There are many experiences that shape a person’s life. For U.S. Sen. John McCain, one of those experiences is something only a handful of Americans can say they’ve lived through: Being a prisoner of war.
Jim Bedinger is one of those Americans. He was a POW with McCain.
Upon learning of McCain’s death, Bedinger told NBC 7 that his hope was that he did not suffer, knowing that he had suffered enough.
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McCain was a Navy pilot in Vietnam when he was shot down during a bombing raid in 1967. Bedinger says he thinks McCain knew it was a miracle he’d survived at all.
“I think he thought, yes. 'I'm lucky to be here, I'm going make the most of it,'” Bedinger said.
It was 1969 when Bedinger arrived at the notorious prison camp in Vietnam known as the Hanoi Hilton. It was months after his arrival that he entered an area with McCain and other prisoners.
They were isolated from any news and it was Bedinger who shared with McCain, with careful communication through the prison cell walls, that another Navy pilot turned astronaut, Neil Armstrong, had just landed on the Moon.
“John was absolutely delighted when he heard that,” he said.
And there were other very important developments that interested McCain, like Who won the World Series? Who won the Stanley Cup? Is the AFL still playing the NFL?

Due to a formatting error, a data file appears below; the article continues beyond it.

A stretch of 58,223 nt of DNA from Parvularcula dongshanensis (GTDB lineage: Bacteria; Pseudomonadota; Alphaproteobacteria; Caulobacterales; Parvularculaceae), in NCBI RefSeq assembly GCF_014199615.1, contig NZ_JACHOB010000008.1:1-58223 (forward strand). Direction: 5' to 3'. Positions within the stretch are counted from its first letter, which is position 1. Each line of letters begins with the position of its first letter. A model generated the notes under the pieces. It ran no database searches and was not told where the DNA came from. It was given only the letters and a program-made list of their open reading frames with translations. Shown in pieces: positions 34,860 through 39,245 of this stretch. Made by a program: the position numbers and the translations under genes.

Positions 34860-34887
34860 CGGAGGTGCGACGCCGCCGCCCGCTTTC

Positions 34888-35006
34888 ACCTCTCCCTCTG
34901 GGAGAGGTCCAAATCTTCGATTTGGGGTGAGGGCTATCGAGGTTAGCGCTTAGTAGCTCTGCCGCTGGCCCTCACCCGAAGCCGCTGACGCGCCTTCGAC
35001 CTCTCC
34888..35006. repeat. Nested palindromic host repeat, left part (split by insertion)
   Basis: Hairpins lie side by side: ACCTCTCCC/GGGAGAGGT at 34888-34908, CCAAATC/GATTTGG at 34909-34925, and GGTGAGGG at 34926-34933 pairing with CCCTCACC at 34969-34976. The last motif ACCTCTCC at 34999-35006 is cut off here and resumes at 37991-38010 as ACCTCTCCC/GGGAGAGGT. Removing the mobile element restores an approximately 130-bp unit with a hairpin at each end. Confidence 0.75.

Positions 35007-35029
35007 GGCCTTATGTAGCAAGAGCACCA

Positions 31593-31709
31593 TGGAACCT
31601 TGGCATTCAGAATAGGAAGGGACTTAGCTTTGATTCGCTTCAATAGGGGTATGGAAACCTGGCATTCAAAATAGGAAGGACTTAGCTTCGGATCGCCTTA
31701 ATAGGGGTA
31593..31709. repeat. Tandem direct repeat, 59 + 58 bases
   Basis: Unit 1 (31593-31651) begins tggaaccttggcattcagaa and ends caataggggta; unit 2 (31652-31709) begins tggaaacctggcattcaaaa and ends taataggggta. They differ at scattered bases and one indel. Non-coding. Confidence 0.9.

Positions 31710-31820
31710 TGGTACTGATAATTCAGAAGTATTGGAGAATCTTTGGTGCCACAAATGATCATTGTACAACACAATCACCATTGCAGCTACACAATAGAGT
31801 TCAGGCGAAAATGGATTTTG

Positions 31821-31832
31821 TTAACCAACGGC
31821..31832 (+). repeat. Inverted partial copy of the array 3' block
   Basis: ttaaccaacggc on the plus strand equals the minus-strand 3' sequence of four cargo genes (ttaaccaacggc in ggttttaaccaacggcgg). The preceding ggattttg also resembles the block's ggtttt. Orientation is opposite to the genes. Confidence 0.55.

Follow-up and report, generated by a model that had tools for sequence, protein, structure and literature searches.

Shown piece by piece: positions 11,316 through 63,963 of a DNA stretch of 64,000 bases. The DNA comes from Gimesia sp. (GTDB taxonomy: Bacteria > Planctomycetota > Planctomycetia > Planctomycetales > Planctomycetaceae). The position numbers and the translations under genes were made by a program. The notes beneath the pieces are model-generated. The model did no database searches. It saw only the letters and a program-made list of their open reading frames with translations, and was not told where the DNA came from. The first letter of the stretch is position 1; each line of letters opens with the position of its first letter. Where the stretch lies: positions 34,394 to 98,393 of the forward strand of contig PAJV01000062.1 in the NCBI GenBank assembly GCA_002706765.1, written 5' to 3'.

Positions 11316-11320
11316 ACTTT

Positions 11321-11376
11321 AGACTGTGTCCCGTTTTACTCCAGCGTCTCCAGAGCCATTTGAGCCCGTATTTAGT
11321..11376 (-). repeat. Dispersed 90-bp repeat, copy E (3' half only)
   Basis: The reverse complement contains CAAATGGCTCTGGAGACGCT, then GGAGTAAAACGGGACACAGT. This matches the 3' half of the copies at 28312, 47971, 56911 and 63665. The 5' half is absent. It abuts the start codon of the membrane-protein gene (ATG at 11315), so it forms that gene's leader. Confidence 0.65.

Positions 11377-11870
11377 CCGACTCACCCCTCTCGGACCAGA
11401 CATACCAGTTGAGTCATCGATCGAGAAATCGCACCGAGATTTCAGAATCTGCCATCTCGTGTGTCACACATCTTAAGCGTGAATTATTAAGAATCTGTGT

On the day Bedinger and McCain met, the first thing McCain desperately wanted to know was who had won the Army-Navy football game that year.
It was Christmas Eve and Bedinger’s answer, Navy of course, made John’s Christmas Day, he said.
There were terrible abuse and torture in POW camps in Vietnam.
There are many accounts of what McCain went through. Bedinger said when the group was caught passing notes McCain took the brunt of the punishment.
He was held in a place known as The Hole.
“For 24 hours a day he was in leg irons, his hands were handcuffed and at night there was a ring they put around his neck and they put it through a ring in the wall, so he couldn’t even get out of bed.”
But McCain didn’t give up. He fought even harder.
“His faith doubled down, you know. 'OK, you’re going treat me bad and I’m going to fight back, and I’m going to give as good as I get,'” Bedinger said.
And that faith, says Bedinger, got him and McCain through those difficult years.
"Faith in God, faith in country, faith in your fellow POWs, and your families,” he said
But how does someone come out of an experience of being a prisoner of war as optimistic as McCain?
Bedinger sees it this way: “You have to stand in the smell of the sorted fumes of hell to really appreciate some of the things that you just take for granted in our day-to-day.”
It was an experience that shaped McCain and added to his already deep commitment to the United States of America.
“John had deep faith not only in this country, but a deep faith that we were in truly one of the best places in the world.”
This world has lost the fighter, the maverick, the Navy pilot, and U.S. Senator who pushed the limits for a country that he loved so much.
Towards the end of the war, prisoners learned bracelets with their names etched inside were circulating the country. Word of the mementos made it back to POW cells and let them know they were not forgotten.
Let us not forget the sacrifices and dedication of Senator John McCain.